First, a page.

Poll: 50 Percent Have Little to No Confidence in GOP Health-Care Push
From left, U.S. House Majority Leader Kevin McCarthy, U.S. House Speaker Paul Ryan, and U.S. Representative Greg Walden hold a news conference on the American Health Care Act on Capitol Hill in Washington on March 7.Eric Thayer / Reuters, file
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Half of Americans say they have little to no confidence that Republican efforts to repeal and replace Barack Obama's Affordable Care Act would make things better, according to results from the latest NBC News/Wall Street Journal poll.
Fifty percent say they have little to no confidence that these GOP efforts would improve things – a 16-point increase from February's NBC/WSJ poll, which was taken before House Republicans pulled their health-care legislation from the floor in March. (Republicans are trying to revive the legislation, but there still isn’t a definite path forward.)
By contrast, a combined 21 percent say they either have a great deal of confidence or some confidence that GOP health-care efforts would make things better; 18 percent have an mixed opinion.
The NBC/WSJ poll also finds a combined 51 percent of Americans saying that Obama's health-care law is either working well the way it is (8 percent), or that it needs just minor modifications to improve it (43 percent).
That's compared with a combined 47 percent who believe the law needs a "major overhaul" (29 percent) or that it should be "totally eliminated" (18 percent).
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Asked if Congress and President Trump should continue their efforts to repeal and replace the Affordable Care Act — also known as Obamacare — 40 percent say yes and 37 percent say no, while 21 percent have no opinion.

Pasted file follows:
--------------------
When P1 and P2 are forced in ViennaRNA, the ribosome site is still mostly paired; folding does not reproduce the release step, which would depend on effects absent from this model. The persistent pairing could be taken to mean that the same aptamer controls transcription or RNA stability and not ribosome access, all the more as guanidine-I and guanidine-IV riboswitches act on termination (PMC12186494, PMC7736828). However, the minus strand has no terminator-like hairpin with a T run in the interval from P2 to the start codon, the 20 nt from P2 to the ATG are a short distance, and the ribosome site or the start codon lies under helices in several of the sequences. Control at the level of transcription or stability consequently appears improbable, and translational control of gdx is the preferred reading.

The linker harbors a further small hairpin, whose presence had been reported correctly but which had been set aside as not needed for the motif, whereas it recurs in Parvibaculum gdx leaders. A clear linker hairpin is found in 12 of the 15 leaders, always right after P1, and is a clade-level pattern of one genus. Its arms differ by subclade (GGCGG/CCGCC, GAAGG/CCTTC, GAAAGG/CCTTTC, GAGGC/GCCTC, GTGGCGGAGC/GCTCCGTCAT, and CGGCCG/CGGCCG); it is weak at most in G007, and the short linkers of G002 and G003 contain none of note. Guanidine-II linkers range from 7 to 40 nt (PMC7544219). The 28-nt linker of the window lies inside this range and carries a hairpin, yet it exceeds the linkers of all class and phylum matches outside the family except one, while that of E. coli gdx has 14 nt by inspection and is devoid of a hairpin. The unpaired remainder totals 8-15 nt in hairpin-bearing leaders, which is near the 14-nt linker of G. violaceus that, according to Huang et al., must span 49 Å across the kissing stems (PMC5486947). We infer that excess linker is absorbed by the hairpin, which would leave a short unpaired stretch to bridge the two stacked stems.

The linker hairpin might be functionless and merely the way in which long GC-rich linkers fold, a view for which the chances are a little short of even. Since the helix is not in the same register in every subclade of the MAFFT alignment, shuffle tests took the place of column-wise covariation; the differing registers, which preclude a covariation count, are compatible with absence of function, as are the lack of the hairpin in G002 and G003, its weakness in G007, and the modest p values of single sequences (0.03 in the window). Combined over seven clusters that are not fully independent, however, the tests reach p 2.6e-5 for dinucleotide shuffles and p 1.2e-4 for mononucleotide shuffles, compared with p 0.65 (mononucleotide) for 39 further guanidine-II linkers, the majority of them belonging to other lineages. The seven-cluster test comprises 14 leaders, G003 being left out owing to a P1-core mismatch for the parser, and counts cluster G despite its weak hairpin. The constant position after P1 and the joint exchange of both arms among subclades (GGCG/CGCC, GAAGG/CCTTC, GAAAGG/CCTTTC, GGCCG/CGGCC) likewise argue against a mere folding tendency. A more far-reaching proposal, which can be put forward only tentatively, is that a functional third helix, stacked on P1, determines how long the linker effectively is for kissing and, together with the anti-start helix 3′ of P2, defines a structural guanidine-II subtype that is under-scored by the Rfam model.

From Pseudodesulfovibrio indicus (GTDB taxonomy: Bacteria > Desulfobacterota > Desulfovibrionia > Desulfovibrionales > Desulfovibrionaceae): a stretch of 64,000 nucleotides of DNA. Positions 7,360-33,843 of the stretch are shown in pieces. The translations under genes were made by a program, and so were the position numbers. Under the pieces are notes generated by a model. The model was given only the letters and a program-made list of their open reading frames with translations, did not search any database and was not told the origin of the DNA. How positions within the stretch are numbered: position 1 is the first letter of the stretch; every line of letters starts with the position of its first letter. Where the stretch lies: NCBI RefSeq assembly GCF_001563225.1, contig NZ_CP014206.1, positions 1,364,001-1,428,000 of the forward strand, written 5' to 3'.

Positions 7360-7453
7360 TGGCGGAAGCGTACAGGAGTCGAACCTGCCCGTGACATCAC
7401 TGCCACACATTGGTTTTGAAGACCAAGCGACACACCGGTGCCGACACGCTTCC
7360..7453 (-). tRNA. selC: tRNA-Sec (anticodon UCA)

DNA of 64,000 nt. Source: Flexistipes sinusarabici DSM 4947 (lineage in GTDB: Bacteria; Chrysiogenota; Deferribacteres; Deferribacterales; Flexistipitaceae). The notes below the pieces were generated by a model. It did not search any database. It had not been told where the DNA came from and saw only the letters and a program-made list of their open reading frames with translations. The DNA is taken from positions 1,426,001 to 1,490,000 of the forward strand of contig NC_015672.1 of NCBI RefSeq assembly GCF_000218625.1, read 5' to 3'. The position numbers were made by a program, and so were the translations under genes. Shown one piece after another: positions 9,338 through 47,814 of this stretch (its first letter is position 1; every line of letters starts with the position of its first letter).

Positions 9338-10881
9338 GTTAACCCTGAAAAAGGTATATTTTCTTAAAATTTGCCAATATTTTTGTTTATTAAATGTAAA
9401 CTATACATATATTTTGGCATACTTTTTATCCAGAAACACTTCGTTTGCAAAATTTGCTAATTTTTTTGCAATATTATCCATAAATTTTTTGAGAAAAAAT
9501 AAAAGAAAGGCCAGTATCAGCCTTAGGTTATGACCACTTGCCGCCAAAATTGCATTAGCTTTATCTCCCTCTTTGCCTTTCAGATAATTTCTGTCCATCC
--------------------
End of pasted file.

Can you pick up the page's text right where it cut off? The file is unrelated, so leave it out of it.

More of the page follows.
By party, 74 percent of Republicans believe the repeal-and-replace efforts should continue, compared with 29 percent of independents and 13 percent of Democrats who agree.
Six-in-10 Americans Back Immigration, Free Trade
Also in the NBC/WSJ poll, 57 percent of Americans say that free trade with foreign countries is good, versus 37 percent who say that it is bad — essentially unchanged from when this same question was asked in 2015 and 2016.
Sixty percent of the public think that immigration helps more than it hurts — up six points from September 2016.
And a combined 67 percent of respondents believe that either immediate action should be taken to combat global climate change (39 percent), or that some action should be taken (28 percent).
By comparison, 22 percent say we don't know enough about climate change and more research is needed before there's action, and another 10 percent say that concern for climate change is unwarranted.
Highest Economic Satisfaction Since 2001
And on the issue of the economy, 56 percent of Americans say they’re satisfied with it, compared with 43 percent who are dissatisfied.
That satisfaction is the highest in the NBC/WSJ poll since 2001.
The NBC/WSJ poll was conducted April 17-20 of 900 adults, including more than 400 who were reached via cell phone. The poll has an overall margin of error of plus-minus 3.3 percentage points.
Mark Murray is a senior political editor at NBC News.